Ben Cantrick (mackys) wrote,
Ben Cantrick

  • Music:

[Digg] Let's make it official, shall we?

My fellow Americans, it’s official now: We live in a fascist nation.

Now, the term "fascist" has been thrown around over the last fifty years in a loose way that has drained it of much of its meaning. If someone wanted to cut 5% off of a leftist professor's favourite welfare programme, the professor would call his opponent a "fascist." I’m not using the word like that. I mean the old-fashioned, original, 1930s style fascism, featuring such old favourites as:

* Secret prisons – they’re back!
* Torture – we’re doing it.
* Spying on all citizens, and forget the warrant!
* Arrests and indefinite imprisonment without trial (or even charge).
* Denial and restriction of habeas corpus.
* Blatantly unjust trial procedures.

(This list was compiled partially based on the work of Amnesty International, available here.)

An absolutely mind-numbing response to complaints that our traditional legal system is being torn apart is the question, "So, you want to protect the rights of terrorists?"

Um, no, I want to protect the rights of non-terrorists who might be falsely accused of terrorism! That was sort of, you know, the whole idea of our legal system. I’m sure there was some neo-con around in the 1700s saying to Jefferson or Madison, "So, you want to protect the rights of murderers and robbers?" but luckily they ignored him.

Living in a fascist nation? Not quite yet, IMO. But if things keep going the way they're going? Then oh yes indeed, we'll be sieg heil-ing and marching minorities to concentration camps with the best of 'em. (What, you're all surprised and shit? We've even done it before. Betcha didn't read about THAT in your high school history book.)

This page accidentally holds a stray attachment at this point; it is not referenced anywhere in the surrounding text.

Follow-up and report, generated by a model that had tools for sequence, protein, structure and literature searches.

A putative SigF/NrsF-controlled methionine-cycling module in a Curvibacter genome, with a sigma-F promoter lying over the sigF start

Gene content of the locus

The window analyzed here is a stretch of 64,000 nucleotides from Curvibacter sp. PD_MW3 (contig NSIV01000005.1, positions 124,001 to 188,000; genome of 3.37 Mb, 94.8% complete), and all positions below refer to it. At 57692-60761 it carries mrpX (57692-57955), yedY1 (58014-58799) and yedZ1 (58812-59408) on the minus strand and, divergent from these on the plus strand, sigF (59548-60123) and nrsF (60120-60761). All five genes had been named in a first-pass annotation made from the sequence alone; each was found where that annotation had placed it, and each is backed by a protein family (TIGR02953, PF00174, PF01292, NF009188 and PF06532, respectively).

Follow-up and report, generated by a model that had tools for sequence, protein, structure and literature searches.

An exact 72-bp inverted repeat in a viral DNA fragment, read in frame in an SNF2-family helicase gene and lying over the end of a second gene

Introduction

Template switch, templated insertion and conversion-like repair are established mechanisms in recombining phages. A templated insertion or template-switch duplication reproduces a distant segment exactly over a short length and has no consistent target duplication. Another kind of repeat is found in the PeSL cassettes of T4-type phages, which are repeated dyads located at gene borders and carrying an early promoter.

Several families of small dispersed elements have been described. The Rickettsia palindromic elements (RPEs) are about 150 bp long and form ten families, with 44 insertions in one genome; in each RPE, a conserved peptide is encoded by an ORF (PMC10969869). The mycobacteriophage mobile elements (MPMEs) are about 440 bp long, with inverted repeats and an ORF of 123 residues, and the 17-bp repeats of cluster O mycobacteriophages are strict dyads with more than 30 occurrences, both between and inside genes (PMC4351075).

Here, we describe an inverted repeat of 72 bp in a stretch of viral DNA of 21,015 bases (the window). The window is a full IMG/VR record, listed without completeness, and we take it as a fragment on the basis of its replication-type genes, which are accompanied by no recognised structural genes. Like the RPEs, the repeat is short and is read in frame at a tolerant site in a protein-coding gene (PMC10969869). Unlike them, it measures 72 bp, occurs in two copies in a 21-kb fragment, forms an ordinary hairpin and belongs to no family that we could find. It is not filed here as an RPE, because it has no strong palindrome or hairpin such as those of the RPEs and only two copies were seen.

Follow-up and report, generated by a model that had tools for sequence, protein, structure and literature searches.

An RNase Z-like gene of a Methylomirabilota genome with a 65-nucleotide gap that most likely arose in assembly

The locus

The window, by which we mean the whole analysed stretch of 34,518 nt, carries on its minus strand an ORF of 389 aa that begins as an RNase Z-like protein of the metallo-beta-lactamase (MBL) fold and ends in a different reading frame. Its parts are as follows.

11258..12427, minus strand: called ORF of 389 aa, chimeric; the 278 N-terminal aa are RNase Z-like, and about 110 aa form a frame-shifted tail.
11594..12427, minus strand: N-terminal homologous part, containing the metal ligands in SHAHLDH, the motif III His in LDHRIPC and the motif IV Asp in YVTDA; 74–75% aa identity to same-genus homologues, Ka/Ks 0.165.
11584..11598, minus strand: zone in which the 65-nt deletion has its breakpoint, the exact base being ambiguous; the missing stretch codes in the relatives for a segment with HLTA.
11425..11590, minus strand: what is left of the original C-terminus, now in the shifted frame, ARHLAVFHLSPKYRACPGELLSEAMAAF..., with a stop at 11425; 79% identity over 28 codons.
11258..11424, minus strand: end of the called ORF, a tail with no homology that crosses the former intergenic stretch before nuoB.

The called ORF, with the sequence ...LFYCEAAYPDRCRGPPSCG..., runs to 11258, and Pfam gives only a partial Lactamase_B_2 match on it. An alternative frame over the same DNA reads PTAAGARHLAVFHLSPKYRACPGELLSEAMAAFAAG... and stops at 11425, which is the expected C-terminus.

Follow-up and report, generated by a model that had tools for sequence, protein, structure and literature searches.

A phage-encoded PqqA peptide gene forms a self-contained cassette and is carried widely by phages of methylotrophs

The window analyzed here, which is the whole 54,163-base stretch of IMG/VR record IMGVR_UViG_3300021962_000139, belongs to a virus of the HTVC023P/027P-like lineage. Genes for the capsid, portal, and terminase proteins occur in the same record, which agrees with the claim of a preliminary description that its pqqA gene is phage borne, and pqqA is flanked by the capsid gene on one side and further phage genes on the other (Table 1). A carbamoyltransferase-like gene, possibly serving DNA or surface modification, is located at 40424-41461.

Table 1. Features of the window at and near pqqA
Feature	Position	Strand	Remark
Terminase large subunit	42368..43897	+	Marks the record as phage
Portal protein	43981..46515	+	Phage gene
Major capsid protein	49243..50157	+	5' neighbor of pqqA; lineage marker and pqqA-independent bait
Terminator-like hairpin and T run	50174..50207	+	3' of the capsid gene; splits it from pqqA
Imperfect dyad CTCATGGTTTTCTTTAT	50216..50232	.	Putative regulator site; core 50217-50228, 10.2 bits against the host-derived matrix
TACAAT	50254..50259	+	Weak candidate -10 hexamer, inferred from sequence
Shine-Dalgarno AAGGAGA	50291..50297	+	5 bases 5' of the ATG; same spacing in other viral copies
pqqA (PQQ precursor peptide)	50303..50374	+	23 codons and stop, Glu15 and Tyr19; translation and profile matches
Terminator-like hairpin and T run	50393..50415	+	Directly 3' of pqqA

And if it happens, then you, Mr and Mrs middle America, you will still support Dubya. Oh yeah, you will. Because the truth of the matter is... there are a LOT of people in this country who really, well and truly hate other people's freedom. It's so easy to talk about "freedom for all" in the abstract. To claim that's what you believe in. But when it comes time to, you know, defend someone's free speech even when you think they're dead wrong? Or defend their right to hold religious or political views that completely disagree with yours? To grant them the right to do things you prefer not to, as long as they don't hurt anyone? Well, it's not quite so easy to adhere to your high-falutin' principles then, is it? It turns into "freedom for, uh, everyone except those people over there, who I don't like."

Difficult civil libertarian life lesson #1: Rights aren't just for the people you like. Rights are for EVERYONE.
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